For some retirees, it can come down to choosing to spend their golden years overlooking the Mediterranean instead of a golf course in Boca Raton. For others, it’s a matter of following the kids—or more to the point, the grandkids—to Israel, or the fulfillment of a lifelong dream to live in the Jewish state. But whatever the motivation, empty nesters are now the second-largest group immigrating to Israel today.

Yet as fulfilling as it can be to make Israel their new home, it’s not unheard of for retirees who make aliyah to face a series of challenges. These challenges take a formula of strategy, planning, humility and patience to conquer. And a sense of humor? It certainly doesn’t hurt.

“We’ve learned to be flexible and open to new ways of doing things,” says Karen Simpson, who along with her husband Brian and their terrier made aliyah to the central Israeli city of Rehovot from Manchester, England. “Building a new life takes time and a willingness to change—we eat a lot more fruits and vegetables than we did in England, for instance. It’s healthier and part of Israeli life that you begin to appreciate.”

But if you are a North American looking to move to Israel, your first stop is typically the Nefesh B’Nefesh agency—to learn about the where, how and when of aliyah planning. The application has recently been streamlined, so you can expect to move through it fairly easily. You’ll also pay a modest fee ($65 or $120 for a couple or family) and have a face-to-face meeting with a representative of The Jewish Agency for Israel. It is recommended that you complete your application six to eight months prior to your projected aliyah date.

British immigrants to Israel Karen and Brian Simpson celebrate Israeli Independence Day at Tel Nof Airbase. Credit: Courtesy Karen Simpson.

Among the most important early decisions you’ll need to make is locale. Older olim (immigrants to Israel) tend to focus on how best to access markets, banks, medical services and public transportation (especially if they don’t expect to own a car). The experts also recommend that olim initially rent a home or apartment, postponing a purchase until they’re convinced that a specific community is the best fit.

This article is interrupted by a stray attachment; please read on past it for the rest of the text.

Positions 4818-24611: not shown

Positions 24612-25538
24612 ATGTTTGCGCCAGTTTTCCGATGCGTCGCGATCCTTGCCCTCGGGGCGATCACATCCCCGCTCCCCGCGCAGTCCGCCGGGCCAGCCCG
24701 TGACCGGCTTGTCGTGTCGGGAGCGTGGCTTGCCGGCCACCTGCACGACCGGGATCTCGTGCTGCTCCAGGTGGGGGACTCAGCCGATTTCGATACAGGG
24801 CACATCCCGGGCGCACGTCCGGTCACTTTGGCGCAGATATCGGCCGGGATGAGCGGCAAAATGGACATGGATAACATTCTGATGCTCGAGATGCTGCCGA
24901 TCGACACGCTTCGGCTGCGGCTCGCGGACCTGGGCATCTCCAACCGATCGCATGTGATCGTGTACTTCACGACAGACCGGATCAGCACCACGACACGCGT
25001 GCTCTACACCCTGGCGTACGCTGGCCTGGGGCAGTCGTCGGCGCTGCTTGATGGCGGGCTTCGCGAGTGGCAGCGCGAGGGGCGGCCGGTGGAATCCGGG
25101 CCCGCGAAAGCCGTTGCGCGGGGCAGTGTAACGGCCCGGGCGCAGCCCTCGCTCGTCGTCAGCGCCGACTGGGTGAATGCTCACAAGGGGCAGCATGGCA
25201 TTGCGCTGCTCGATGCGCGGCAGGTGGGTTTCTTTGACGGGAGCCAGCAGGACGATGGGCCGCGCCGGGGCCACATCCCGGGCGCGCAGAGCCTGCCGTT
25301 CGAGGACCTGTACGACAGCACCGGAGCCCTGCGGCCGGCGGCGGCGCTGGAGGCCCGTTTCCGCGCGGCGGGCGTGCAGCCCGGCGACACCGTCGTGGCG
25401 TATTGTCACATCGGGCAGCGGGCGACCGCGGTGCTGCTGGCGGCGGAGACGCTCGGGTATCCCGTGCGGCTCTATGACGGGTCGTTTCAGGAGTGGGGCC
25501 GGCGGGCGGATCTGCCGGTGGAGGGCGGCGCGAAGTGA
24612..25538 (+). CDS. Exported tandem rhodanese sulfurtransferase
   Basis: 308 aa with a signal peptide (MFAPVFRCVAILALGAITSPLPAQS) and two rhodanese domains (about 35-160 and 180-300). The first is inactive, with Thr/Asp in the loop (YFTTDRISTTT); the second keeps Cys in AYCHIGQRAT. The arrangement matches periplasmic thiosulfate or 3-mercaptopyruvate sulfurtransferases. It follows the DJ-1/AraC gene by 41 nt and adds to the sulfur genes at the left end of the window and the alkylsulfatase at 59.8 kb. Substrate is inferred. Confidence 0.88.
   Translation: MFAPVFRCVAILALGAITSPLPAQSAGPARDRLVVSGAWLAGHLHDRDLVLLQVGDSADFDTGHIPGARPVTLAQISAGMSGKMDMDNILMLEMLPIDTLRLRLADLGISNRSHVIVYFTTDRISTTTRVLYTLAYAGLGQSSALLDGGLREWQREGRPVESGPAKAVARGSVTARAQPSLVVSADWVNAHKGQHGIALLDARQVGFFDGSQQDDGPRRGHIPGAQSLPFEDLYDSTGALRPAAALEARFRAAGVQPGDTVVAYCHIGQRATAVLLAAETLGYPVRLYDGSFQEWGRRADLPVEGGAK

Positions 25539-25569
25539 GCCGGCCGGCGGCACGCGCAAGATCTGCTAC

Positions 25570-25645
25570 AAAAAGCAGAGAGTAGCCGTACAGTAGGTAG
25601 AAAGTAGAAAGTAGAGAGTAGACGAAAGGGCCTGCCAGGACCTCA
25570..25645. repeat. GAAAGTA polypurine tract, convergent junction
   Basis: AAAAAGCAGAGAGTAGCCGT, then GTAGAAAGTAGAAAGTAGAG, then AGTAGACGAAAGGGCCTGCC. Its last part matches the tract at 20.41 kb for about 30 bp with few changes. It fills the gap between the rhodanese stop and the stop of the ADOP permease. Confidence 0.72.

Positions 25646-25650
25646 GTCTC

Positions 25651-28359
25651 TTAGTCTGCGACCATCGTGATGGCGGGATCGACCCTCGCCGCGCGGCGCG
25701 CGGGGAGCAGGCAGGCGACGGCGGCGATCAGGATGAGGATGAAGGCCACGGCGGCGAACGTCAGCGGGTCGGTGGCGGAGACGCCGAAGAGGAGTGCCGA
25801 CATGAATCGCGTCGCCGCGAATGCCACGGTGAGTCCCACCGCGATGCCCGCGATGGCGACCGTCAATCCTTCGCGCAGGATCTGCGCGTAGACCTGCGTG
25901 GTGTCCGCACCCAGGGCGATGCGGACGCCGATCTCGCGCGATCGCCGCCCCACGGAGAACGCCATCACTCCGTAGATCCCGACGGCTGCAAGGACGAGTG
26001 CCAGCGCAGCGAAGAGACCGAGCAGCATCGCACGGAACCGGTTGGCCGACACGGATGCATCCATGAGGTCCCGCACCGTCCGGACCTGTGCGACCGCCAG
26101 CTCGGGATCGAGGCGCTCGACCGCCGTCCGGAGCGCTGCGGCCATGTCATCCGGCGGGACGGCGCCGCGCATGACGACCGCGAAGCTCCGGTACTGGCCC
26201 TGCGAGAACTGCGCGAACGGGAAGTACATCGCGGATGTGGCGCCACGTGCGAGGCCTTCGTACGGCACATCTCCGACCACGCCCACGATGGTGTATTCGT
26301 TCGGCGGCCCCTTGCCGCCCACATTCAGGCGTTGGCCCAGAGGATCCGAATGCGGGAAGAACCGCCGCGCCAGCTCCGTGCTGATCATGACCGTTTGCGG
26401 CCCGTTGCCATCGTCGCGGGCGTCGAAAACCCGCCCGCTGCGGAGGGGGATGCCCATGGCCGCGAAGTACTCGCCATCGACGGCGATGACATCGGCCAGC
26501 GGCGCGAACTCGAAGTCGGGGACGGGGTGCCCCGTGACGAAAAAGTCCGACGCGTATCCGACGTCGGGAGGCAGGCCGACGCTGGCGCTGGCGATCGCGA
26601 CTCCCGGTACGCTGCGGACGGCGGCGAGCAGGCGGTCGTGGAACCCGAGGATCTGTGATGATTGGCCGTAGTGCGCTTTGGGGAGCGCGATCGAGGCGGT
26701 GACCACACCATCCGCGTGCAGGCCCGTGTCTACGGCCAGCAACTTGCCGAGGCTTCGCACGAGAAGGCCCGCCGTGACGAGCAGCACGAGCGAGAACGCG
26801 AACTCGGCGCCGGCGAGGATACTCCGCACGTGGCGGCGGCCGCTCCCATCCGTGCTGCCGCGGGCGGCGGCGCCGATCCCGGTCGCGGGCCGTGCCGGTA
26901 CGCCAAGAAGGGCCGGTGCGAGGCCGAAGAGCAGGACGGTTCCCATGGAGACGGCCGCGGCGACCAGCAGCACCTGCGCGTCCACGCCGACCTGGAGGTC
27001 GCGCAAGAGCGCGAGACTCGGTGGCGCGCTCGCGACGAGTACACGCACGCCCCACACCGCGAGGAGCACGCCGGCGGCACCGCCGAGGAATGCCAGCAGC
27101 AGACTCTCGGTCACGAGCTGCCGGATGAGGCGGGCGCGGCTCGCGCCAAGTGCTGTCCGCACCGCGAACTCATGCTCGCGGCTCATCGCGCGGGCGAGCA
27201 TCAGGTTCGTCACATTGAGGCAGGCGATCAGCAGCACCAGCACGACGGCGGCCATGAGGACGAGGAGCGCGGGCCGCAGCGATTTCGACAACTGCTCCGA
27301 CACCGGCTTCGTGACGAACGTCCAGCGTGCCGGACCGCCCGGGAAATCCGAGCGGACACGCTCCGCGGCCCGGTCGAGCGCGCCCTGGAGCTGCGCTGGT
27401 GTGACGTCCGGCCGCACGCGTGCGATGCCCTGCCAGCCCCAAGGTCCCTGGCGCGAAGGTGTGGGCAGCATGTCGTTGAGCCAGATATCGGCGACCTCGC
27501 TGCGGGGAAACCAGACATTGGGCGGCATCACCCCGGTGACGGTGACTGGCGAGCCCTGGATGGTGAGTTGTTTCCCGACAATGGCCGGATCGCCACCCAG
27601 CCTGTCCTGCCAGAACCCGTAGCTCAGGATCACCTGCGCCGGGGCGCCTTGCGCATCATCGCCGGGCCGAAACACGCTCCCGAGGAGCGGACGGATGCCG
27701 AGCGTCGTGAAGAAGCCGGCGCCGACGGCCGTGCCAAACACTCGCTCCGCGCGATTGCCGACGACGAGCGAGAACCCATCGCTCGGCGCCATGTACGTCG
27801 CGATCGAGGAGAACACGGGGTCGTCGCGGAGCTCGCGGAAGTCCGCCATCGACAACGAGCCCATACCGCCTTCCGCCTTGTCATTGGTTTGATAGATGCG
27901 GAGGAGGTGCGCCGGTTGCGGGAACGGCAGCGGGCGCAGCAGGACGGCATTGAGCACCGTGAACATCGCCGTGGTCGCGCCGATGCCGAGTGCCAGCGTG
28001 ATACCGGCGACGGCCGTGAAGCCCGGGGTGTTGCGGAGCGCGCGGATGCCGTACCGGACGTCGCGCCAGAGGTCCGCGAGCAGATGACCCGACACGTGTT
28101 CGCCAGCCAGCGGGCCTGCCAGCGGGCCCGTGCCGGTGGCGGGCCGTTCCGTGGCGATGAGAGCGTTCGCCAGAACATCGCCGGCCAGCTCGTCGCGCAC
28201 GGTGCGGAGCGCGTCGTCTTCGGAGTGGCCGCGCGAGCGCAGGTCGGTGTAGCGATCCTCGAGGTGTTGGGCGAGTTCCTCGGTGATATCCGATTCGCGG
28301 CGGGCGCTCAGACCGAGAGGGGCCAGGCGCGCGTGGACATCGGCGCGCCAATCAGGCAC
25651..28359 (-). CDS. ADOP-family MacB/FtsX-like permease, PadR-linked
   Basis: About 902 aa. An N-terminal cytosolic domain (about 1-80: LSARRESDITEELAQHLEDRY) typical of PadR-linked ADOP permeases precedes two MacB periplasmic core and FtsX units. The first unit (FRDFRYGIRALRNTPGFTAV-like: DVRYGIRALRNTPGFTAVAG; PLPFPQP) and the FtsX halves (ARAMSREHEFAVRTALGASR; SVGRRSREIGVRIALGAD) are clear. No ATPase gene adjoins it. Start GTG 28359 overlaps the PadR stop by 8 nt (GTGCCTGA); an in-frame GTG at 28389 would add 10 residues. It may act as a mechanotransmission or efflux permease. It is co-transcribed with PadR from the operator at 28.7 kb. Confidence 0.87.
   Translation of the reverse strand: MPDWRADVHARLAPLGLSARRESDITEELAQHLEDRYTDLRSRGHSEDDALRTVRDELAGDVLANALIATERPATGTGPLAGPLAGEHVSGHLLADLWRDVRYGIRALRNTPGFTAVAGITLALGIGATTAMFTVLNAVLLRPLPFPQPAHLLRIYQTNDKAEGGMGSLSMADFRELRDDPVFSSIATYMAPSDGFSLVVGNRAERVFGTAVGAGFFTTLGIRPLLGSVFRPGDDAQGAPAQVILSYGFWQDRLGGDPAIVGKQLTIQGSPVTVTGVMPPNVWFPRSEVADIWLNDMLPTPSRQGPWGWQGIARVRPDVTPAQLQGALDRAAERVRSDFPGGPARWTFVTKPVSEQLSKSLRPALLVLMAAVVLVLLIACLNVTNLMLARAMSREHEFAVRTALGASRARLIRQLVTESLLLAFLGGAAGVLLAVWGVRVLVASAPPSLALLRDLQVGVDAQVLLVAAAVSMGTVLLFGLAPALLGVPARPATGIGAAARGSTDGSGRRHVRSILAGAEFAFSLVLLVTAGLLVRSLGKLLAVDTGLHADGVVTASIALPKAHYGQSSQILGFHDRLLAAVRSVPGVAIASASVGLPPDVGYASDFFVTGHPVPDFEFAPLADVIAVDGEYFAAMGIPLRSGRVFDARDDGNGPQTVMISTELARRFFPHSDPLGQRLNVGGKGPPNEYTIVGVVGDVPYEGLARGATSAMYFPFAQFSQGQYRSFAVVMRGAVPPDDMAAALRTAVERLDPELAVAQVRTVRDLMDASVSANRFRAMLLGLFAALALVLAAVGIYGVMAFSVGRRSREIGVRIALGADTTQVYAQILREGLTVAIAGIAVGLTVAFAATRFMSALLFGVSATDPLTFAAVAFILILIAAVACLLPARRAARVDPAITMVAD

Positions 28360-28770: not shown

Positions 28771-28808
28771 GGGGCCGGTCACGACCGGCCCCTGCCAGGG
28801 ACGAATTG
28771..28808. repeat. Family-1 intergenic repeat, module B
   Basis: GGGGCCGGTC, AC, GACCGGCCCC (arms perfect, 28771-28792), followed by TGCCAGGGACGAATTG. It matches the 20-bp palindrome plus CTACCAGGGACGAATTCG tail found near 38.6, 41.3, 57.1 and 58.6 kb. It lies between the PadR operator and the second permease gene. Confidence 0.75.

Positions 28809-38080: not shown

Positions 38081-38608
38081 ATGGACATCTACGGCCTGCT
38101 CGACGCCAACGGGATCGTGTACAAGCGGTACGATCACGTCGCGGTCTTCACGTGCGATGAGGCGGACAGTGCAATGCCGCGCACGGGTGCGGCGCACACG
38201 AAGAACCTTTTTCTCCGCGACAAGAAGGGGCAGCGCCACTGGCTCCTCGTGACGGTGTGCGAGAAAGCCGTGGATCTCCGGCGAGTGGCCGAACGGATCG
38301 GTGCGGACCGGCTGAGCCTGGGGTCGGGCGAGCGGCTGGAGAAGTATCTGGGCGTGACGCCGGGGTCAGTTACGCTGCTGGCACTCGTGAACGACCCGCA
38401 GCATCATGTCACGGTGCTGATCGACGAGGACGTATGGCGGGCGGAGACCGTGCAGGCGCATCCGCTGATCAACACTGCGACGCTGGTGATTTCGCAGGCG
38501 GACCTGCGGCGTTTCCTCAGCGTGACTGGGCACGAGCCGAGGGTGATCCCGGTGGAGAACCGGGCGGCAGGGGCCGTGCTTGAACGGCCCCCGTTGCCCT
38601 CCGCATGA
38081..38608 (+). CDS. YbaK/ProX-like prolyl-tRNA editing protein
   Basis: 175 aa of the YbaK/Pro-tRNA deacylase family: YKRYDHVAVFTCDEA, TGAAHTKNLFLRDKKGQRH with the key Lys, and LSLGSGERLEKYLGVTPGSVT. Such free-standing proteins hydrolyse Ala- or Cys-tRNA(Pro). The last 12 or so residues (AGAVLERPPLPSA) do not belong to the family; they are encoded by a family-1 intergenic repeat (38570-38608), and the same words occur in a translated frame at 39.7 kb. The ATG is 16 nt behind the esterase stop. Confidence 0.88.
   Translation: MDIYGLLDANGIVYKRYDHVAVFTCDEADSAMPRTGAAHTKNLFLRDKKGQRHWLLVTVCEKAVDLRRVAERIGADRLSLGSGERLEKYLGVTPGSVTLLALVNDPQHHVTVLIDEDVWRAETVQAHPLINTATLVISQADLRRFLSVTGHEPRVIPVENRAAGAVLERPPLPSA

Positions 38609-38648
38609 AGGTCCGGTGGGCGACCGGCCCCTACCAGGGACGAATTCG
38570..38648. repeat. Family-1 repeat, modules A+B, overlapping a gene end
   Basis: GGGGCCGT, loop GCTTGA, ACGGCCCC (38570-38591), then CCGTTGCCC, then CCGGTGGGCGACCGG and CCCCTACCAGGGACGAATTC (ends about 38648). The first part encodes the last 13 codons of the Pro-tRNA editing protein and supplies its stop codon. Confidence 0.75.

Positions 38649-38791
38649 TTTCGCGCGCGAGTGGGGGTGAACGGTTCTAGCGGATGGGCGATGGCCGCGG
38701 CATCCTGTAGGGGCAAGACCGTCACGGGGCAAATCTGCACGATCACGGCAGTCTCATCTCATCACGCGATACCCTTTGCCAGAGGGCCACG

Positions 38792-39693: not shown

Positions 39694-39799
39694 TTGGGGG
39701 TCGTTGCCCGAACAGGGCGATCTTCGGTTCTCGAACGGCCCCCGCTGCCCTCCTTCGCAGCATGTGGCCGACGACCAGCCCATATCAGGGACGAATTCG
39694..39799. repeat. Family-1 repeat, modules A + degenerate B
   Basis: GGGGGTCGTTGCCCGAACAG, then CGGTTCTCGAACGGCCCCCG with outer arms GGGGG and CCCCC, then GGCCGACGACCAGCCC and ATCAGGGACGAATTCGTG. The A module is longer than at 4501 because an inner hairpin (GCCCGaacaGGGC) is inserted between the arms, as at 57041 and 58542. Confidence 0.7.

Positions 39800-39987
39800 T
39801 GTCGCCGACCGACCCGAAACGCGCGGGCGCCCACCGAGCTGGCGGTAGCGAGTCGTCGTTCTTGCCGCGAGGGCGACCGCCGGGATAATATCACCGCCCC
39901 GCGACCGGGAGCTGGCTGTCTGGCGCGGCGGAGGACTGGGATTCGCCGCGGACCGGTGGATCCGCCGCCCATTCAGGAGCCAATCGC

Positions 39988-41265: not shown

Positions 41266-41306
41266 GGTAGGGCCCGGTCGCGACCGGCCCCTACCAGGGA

Finding the right community is key, says Galia Berry, a Los Angeles native who made aliyah with her husband Joe and three children in 1983, only to return to the U.S. six years later. Now they have been back in Israel since last March and are much happier in their new home: a small village in Israel’s north.

Last year, the Berrys took a pilot trip from south to north, something that’s recommended by those in the know. They fell in love with Moreshet community, 30 minutes northeast of Haifa. Though technically old enough to retire—he’s 69 and she’s 60—they’ve decided to keep working to afford to build a home. They’ve left much behind—four married kids and 16 grandchildren—but Galia says they are “very happy we made this move at this time in our lives. Here we have an amazingly supportive community with friends of all ages.”

Skype, WhatsApp and other means of communication now make it possible to maintain relationships with kids and grandkids even thousands of miles away. “Skype allows us to stay close,” says Simpson, whose two children and grandson remain in England. “You learn to be family in a different way and, at the same time, your Israeli friends become family.”

For 60-somethings Margie and David Hamm, moving from Brooklyn to Jerusalem’s Ramot Bet neighborhood more than a year ago means “I no longer have to pay airfare to see my grandchildren,” she says. Now that their son and family have also moved to Israel (their daughter preceded them by 12 years), all 10 grandchildren ages 8 months to 21 years are now in Israel.

“My husband had to talk me into moving here but now I love it here,” Margie says. “And we certainly do get more requests for babysitting.”

But even those with children and grandchildren in Israel—creating a natural magnetic pull—still need to consider the best spot in the Jewish state for them to live. Some, finding themselves with the time to enjoy cultural offerings, will prefer the Jerusalem or Tel Aviv areas, whereas others will opt for a quiet country life.

Susan Friedman (in front), then age 90, at New York’s John F. Kennedy International Airport before making aliyah in July 2015. Credit: Maayan Hoffman.

“Seventy is the new 60,” says Miriam Naiman, a post-aliyah advisor for Nefesh B’Nefesh. “So, whether married or single, even with kids here, they need a life of their own.”

Indeed, community makes new olim feel at home, which is the impetus behind a Nefesh B’Nefesh Facebook page dubbed “English Speaking Olim 50+” as well as other programs.

One new aliyah-focused group operating through the Orthodox Union (OU) reaches singles 60-75.

“Coming to Israel alone, I know how important it is to form a social network,” says Chana Spivack, who made aliyah from Florida in 2011. A volunteer coordinator at the OU Israel Center, Spivack organized the new group, which attracted 60 singles to its first event last week.

The best advice for new olim is to never give up, says LiAmi Lawrence, 54, who made aliyah in 2014 from Los Angeles and now runs Keepolim.org to help immigrants meet various challenges.

“You need a backbone to live here,” says Lawrence. “Whatever happens, you need to believe, ‘Israel is an amazing place. It’s where I want to be and I will make it work.’”